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Big Ten 2010 // Ohio State's Greatest Strength - Run Defense


There are a lot of things to love about Ohio State this season: a USC-esque stable of dynamite running backs, a giant stiff-arming gazelle behind center, one of the best wide receiver corps since 2006, Cameron "Hippo" Heyward on the defensive line, tackling machines Ross Homan and Brian Rolle -- the list goes on and on.  But individual superlatives are flashes in the pan compared to the strength of the scarlet's front seven.  For the last half decade, Ohio State has hung its hat on its ability to suffocate (or, at least, severely truncate) opponents on run downs.  Take a look at where the Buckeyes have ranked nationally the past five seasons in run defense:

Year National Rank
2005 1
2006 15
2007 3
2008 18
2009 7

These finishes are all the more impressive in a run-obsessed league like the Big Ten, where a "cloud of dust" seems to perpetually float between the hashes.  Athletic defensive ends, strong interior tackles, and fundamentally sound linebacker play makes running off-tackle against the Buckeyes a little like putting your bare hand in an anaconda's face.  Last year, a defensive line led by Cameron Heyward and Thaddeus Gibson "disrupted" ground games from State College to Eugene.  All-conference running backs, Evan Royster (13 attempts, 36 yards) and John Clay (20 attempts, 59 yards) were held dramatically below their season averages.  Oregon came into the Rose Bowl boasting one of the Top 5 rushing attacks in the nation, a unit that ran for over 250 yards five times -- and limped out with just 179 yards (18 of which were credited to LeGarrette Blount on a drive killing fumble into the endzone).  The unit routinely "covered" for a lackluster offense.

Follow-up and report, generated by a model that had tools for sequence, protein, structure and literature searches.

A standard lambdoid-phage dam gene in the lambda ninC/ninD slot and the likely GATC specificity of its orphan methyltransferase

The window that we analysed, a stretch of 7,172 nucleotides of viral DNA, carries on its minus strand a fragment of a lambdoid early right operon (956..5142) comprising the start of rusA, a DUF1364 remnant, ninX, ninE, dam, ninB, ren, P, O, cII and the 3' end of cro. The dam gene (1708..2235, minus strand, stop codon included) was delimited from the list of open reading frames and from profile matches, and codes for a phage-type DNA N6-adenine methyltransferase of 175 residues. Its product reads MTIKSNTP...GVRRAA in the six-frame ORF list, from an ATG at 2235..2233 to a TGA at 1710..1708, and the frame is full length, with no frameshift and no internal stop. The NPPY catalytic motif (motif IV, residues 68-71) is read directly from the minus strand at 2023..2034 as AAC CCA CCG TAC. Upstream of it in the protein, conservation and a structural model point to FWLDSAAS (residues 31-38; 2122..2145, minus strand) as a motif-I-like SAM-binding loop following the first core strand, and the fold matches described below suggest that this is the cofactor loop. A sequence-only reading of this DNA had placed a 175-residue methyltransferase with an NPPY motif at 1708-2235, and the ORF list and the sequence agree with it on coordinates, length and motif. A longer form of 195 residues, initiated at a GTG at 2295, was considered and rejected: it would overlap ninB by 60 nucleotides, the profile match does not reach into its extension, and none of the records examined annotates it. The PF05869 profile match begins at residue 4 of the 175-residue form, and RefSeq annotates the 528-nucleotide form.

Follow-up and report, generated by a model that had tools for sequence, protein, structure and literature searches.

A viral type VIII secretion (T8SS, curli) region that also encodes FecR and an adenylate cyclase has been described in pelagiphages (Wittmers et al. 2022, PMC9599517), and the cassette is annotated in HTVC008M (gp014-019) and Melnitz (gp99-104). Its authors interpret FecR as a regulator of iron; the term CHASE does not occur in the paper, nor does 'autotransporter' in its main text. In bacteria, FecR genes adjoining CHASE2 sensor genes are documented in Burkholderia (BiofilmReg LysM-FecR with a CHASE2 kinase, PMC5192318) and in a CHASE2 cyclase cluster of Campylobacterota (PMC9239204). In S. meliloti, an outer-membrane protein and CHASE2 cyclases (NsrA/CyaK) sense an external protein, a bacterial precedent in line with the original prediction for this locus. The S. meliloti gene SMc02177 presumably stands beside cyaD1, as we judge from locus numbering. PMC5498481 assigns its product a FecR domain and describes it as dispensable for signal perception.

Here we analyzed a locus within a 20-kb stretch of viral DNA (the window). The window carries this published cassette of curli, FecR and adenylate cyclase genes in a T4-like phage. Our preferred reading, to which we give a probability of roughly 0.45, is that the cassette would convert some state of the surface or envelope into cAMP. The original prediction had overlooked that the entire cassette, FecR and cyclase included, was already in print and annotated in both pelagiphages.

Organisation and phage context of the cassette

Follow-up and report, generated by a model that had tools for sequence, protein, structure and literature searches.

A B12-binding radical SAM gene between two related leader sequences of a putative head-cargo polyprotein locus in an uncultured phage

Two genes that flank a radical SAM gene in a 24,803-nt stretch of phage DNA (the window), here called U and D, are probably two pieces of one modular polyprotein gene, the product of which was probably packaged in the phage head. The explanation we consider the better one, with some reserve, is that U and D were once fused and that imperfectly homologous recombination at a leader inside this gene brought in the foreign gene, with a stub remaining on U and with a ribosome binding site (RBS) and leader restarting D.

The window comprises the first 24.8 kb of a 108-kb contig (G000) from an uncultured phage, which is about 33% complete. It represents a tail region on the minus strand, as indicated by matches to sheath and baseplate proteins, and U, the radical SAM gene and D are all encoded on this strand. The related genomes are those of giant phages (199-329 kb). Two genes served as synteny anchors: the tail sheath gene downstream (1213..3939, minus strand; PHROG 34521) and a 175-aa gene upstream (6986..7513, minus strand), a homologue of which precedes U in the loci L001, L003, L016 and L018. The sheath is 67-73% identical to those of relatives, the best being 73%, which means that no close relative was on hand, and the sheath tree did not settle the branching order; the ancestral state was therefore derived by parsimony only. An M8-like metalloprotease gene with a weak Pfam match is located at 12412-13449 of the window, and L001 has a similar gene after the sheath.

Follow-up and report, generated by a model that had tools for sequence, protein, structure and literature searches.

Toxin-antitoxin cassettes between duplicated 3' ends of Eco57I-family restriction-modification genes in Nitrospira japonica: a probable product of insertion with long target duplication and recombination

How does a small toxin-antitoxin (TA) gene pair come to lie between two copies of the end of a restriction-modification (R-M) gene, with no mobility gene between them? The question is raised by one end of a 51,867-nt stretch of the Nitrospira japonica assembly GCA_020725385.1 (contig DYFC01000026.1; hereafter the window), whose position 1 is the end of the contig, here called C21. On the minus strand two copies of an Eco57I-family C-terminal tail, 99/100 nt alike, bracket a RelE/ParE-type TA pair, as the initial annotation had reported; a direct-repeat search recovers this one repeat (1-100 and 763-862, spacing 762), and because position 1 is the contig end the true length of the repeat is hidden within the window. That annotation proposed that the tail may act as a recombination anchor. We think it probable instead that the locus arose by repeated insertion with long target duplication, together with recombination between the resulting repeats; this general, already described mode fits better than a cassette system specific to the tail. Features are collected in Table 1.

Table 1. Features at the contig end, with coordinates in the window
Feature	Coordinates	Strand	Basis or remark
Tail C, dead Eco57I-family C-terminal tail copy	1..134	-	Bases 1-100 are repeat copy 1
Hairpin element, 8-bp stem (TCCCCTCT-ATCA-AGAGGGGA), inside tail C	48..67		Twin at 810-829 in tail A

However you spin it, Ohio State broke the resolve of many an opponent. 

Now, I know what you're thinking.  That was then, this is now.  A great deal of the scarlet's success up front in 2009 was attributable to Jim Heycock's patented "9-man" rotation.  Ohio State routinely scrolled through a reservoir of capable linemen, often playing 9 different guys before the end of the first quarter.  That ridiculous depth, and the fresh legs it wrought, kept Ohio State energetic and aggressive in the trenches.  The Buckeyes lost two starters off the line, senior Doug Worthington and junior Thaddeus Gibson, but as one source reports, that's only half the story, "...three senior backups are gone - Todd Denlinger, Lawrence Wilson and Rob Rose. All three played in more than 40 career games."

So why am I more confident now than ever that Ohio State will continue to emasculate opponents?  It's the returning one/two punch of (Dexter) Larimore/Heyward and Homan/Rolle.  The big men up front are ready for an every down workload -- while Homan might be on the cusp of a Butkus-caliber season.  Familiar names like Nathan Williams, John Simon, and Solomon Thomas, as well as up-and-comers Garrett Goebel and Keith Wells will help forge a talented two deep.  The size and speed of the Buckeye's front seven will allow it to continue to prey on the I Form.




This week...

Spring Field Guide

Achilles Heel

Greatest Strength

MVP Profile

 Keeping the Enemy Close


More Big Ten 2010...

Indiana | Michigan | Illinois | Minnesota Purdue | Michigan State | Northwestern | Wisconsin | Penn State | Iowa